I'll try to answer your two questions first:
Can they be used in conjunction with one another to increase the amount of water retention in my soil?
As true Swales are always on contour (0deg slope) and Keyline plow rips (sub-soiling following the Keyline design method) only have one rip line on contour and the rest sloping towards the ridge I see them as not being possible to use together in their 'true' versions.
The Keyline plow rips are like mini swales with a slope toward the ridge, so if you wanted to replicate it while not having such a ripper you could potentially dig by hand and choose to make them as small 'swales', but these 'swales' are not then on contour (0-deg slope) so then not true swales but rather diversion ditches.
Once an area is well Keyline designed it will have the water retention and soak-in capacity to not have much run-off to talk of, but the Keyline design does include belts of trees (the same as a swale is intended to have trees, and other plants, planted in it and on the bank to maximize its water harvesting capacity).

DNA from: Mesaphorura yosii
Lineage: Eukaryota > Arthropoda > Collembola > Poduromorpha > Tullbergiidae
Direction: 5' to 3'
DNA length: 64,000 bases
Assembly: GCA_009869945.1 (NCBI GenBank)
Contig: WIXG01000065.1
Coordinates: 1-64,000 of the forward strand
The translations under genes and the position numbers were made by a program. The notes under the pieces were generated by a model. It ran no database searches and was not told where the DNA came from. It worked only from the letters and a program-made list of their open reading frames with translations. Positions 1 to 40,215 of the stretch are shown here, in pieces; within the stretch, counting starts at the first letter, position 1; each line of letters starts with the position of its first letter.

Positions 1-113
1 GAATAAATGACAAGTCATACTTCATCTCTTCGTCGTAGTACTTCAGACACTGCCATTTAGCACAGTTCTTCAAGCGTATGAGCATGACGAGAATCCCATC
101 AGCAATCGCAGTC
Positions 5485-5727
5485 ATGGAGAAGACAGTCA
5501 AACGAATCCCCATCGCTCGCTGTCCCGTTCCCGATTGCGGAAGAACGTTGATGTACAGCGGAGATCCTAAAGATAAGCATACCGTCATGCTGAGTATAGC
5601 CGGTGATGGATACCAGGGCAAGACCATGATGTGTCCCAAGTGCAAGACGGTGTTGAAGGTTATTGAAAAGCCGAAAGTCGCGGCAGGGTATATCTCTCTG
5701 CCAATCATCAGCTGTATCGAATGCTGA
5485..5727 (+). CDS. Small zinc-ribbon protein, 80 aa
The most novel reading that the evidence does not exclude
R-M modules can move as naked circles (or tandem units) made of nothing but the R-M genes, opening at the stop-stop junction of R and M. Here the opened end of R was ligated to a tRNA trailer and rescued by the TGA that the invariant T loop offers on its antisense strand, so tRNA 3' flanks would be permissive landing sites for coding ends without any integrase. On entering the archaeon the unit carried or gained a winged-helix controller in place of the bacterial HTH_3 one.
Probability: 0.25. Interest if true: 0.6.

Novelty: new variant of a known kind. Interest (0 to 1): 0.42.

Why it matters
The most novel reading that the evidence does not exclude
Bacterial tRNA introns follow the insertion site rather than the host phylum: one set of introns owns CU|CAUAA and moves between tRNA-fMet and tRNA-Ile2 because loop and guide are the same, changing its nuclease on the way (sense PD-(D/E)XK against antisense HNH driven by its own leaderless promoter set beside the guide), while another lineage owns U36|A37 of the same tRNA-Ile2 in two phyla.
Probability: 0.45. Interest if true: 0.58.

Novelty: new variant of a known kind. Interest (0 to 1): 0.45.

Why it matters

Is one better than the other?
This answer is always 'It depends!'. What is your use of this pasture? Do you intend to ever run machinery over it, haying, slashing weeds etc.? If so, my guess is, the ridges and valleys of the swale(s) will be in your way, while the decompacted ripped soil will all be under ground so not in the way.
As I was hinting to above though, if you don't have a sub-soiler that can handle the curves that you will be following with the tractor, or of you plan to do the earth works by hand or with a digger/dozer you will need to choose swales.
I highly recommend you read 'Water for every farm' by PA Yeomans for a greater understanding of water's behaviour, and Keyline designing and its potental (even though it is not the easiest book to read).
Best of luck,